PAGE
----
Sheree the Koala’s new view on life
15 May 2018
Sheree the one-eyed koala is back in her home habitat at Peak Crossing about a half hour from Jeebropilly Mine after a short stay at Australia Zoo whilst she was being treated for a severe eye infection.
The young female koala, fondly named by the researchers who found her in a park opposite the local state school during a research program was released back to her habitat on Friday (11 May).
The research program, being conducted by Queensland Trust for Nature (QTFN) and the University of Queensland’s Koala Ecology Group, is funded by Ipswich-based resource company New Hope Group and the Scenic Rim Regional Council and is investigating how koalas move through koala habitat near the town of Peak Crossing.
QTFN Ecologist Felicity Shapland said Sheree was found with only one eye, which was severely damaged by a chlamydia infection at the time.
"When researchers found Sheree two months ago, her remaining eye was in really bad shape and we knew she needed treatment to save her eyesight," Felicity said.
"The veterinarians at Australia Zoo kindly offered to treat Sheree so we could release her back here into her home habitat at Peak Crossing."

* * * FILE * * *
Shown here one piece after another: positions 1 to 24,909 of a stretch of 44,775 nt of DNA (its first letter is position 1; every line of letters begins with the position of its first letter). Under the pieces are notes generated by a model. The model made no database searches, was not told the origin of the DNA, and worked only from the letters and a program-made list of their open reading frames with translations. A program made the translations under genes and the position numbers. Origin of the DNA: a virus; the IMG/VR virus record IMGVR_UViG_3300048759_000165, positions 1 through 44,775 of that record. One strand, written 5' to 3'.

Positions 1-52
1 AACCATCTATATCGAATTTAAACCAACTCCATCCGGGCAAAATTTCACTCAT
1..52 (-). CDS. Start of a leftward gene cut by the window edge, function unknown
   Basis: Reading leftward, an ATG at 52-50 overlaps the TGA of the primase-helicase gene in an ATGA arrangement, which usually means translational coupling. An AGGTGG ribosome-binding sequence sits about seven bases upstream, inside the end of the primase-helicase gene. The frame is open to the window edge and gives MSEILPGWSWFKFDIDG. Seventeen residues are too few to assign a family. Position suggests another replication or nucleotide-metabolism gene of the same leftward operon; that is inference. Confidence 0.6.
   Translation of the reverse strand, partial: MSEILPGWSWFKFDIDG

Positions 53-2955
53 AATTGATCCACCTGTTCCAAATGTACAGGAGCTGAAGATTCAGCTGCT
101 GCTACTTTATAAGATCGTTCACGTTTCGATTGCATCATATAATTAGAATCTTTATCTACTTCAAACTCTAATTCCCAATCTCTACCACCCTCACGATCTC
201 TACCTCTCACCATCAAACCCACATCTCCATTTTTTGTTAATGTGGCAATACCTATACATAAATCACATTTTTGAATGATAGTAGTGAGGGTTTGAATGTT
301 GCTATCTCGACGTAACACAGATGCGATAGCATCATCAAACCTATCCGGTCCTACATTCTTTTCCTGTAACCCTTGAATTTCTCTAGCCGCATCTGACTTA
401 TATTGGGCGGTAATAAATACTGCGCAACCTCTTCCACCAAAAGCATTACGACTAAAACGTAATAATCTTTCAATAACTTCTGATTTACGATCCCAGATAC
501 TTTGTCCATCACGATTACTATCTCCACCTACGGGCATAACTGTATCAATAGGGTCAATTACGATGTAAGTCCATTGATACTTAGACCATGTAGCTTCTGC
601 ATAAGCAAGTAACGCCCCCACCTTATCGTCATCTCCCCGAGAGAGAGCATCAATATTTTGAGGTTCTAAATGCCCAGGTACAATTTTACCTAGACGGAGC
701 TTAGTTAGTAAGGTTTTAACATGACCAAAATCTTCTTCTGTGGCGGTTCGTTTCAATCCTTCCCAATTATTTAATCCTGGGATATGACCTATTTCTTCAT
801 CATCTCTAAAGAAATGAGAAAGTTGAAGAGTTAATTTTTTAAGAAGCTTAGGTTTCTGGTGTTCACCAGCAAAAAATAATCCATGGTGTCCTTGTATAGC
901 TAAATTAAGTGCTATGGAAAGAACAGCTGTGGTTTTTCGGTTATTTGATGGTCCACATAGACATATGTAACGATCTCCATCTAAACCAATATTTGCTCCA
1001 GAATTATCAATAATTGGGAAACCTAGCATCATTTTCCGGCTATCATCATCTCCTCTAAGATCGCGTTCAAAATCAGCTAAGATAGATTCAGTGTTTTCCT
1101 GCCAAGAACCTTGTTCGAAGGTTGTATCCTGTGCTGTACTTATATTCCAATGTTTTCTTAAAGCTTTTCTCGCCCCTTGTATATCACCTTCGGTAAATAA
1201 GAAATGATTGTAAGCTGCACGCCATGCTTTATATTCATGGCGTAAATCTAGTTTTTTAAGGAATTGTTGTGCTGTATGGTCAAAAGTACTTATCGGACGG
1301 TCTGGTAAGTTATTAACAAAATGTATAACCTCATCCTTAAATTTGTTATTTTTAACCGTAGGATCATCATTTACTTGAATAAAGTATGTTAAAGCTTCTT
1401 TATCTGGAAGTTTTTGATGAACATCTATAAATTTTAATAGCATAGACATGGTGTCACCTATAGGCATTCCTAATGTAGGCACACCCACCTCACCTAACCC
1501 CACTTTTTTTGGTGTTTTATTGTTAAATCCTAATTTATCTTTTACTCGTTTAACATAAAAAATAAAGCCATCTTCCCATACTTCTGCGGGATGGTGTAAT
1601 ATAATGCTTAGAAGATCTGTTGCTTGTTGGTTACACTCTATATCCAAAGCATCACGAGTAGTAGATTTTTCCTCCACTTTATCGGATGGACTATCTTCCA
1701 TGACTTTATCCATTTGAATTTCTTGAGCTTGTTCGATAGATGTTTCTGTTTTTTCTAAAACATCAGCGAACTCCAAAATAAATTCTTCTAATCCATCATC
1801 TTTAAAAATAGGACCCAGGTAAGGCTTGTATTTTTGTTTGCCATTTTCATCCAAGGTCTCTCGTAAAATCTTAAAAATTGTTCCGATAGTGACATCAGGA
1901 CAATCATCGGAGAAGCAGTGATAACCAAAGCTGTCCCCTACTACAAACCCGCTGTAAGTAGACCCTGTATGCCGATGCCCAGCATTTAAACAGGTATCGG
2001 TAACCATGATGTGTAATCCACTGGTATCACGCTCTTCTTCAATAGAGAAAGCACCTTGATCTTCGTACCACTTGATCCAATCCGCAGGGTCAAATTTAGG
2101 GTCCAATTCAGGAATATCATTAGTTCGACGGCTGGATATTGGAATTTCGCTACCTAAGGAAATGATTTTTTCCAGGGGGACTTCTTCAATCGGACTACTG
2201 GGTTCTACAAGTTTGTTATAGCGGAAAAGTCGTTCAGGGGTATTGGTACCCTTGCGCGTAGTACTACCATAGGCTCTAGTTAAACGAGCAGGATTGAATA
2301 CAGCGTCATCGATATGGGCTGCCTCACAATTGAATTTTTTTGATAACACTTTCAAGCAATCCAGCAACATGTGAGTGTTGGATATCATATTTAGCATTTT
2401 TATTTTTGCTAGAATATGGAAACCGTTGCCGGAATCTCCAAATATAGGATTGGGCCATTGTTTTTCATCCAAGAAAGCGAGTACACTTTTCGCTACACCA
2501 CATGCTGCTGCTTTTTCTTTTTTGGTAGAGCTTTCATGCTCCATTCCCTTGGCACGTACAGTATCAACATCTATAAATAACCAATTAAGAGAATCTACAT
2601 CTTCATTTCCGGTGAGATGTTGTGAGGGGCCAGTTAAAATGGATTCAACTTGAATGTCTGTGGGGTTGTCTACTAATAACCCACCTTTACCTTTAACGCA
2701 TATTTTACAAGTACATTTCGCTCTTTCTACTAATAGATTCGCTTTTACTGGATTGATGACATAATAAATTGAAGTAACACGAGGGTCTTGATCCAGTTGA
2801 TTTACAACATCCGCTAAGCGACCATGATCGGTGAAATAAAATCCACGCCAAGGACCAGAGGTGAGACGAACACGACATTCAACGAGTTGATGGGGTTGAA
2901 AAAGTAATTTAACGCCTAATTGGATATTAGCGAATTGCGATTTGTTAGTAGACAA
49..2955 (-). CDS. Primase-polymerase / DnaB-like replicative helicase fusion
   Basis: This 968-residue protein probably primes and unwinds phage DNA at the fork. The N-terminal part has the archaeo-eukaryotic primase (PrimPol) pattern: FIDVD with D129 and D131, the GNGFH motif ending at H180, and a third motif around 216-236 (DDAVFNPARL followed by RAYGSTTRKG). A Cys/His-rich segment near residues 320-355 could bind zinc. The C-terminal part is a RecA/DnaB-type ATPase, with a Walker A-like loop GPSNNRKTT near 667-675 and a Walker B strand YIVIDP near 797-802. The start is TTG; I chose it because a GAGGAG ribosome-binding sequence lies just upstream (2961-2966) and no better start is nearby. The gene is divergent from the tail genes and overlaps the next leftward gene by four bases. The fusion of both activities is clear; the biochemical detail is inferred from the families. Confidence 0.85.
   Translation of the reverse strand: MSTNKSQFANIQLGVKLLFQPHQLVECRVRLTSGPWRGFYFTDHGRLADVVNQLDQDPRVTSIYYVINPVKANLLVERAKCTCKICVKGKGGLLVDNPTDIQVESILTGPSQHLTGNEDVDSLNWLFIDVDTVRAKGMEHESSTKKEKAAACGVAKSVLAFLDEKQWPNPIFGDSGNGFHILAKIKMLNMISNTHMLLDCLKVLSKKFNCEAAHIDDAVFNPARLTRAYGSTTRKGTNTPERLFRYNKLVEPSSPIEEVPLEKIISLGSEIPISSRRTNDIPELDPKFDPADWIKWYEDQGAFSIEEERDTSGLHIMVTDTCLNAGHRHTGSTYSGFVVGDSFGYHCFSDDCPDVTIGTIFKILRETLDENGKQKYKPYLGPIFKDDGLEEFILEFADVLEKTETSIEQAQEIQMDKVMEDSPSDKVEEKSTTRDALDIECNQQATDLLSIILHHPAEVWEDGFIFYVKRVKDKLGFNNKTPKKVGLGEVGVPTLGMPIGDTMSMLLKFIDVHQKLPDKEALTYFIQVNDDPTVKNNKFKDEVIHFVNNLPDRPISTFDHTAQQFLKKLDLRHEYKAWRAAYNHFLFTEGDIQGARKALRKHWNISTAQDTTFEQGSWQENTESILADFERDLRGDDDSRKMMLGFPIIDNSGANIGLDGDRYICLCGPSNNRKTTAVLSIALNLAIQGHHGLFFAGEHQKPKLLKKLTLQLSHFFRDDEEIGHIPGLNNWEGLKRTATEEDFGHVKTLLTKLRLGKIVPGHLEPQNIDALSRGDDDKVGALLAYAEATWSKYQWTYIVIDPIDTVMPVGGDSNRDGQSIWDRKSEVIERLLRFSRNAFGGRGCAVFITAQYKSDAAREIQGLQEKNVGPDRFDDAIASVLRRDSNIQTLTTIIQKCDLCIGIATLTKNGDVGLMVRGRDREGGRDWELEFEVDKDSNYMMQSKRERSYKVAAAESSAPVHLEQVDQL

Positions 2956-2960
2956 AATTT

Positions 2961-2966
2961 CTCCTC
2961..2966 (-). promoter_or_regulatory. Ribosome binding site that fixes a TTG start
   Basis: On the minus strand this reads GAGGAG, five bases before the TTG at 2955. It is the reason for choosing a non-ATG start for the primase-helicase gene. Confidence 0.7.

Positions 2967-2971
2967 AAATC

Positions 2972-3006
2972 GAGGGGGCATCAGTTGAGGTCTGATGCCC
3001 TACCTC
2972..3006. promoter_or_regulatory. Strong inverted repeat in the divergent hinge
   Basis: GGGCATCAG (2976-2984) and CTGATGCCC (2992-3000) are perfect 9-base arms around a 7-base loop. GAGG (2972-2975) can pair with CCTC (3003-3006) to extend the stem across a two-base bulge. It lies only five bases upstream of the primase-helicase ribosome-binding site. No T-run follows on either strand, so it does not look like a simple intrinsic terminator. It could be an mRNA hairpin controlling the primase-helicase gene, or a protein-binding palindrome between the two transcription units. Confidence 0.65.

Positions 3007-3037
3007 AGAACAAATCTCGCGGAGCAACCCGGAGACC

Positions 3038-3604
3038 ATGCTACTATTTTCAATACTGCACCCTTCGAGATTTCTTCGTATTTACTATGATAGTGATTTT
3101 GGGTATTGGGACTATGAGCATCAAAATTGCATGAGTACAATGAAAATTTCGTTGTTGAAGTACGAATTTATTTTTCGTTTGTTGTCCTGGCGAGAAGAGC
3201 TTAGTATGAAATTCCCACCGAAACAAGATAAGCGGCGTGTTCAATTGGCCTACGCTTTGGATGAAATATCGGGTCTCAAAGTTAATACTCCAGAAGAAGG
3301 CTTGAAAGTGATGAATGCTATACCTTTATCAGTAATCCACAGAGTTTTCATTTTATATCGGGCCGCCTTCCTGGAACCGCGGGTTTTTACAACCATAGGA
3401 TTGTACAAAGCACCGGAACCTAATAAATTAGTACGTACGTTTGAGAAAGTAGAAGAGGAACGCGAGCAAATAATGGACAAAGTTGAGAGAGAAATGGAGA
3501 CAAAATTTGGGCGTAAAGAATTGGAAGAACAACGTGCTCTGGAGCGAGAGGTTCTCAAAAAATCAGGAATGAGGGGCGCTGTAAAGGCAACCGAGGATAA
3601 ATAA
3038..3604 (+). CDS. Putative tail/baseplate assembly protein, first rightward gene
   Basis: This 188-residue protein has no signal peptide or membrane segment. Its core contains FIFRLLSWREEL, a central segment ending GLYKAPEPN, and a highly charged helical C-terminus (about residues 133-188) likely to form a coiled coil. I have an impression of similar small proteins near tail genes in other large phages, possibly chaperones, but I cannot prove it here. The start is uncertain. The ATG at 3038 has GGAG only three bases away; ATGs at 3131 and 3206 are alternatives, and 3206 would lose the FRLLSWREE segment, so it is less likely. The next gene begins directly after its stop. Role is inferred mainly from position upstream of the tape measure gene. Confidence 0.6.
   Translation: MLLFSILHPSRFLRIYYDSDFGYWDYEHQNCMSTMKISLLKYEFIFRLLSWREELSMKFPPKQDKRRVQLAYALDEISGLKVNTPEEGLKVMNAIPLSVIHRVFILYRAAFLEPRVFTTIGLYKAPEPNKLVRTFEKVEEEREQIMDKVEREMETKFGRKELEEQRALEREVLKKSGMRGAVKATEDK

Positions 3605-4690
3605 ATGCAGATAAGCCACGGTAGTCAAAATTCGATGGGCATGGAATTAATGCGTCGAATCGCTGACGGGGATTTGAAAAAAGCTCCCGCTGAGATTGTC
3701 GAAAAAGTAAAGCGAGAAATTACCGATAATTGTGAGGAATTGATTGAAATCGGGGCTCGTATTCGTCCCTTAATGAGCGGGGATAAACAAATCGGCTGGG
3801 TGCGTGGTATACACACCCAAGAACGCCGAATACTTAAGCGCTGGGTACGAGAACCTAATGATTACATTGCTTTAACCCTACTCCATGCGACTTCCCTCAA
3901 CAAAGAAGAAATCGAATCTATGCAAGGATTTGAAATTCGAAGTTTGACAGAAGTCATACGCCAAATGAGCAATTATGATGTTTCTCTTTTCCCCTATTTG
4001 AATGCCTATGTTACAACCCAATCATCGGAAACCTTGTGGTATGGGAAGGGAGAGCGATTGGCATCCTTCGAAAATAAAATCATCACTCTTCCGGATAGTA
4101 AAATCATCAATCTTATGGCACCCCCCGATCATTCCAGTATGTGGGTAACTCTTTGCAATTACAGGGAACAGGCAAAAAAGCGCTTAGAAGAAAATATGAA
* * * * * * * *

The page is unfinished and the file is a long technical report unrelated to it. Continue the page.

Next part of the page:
The koala research program uses GPS collars to monitor the movements of the local koala population over a period of several months.
Data collected during the research program will be used to inform future tree planting efforts aimed at improving the local koala habitat.
New Hope Manager for Environment, Policy and Approvals Kylie Gomez-Gane said the research program was in line with New Hope’s commitment to enhance ecological values in its local communities and mirrors a new implementation plan set by the Queensland Government.
"On recommendation from the Koala Expert Panel the Government has adopted an implementation plan to drive a new, integrated approach to koala conservation," Kylie said.
"The plan aims is to deliver increased habitat conservation, threat reduction and, ultimately, population sustainability."
"New Hope is really proud to support Queensland Trust for Nature and the Koala Ecology Group in undertaking research that is working towards those same important aims."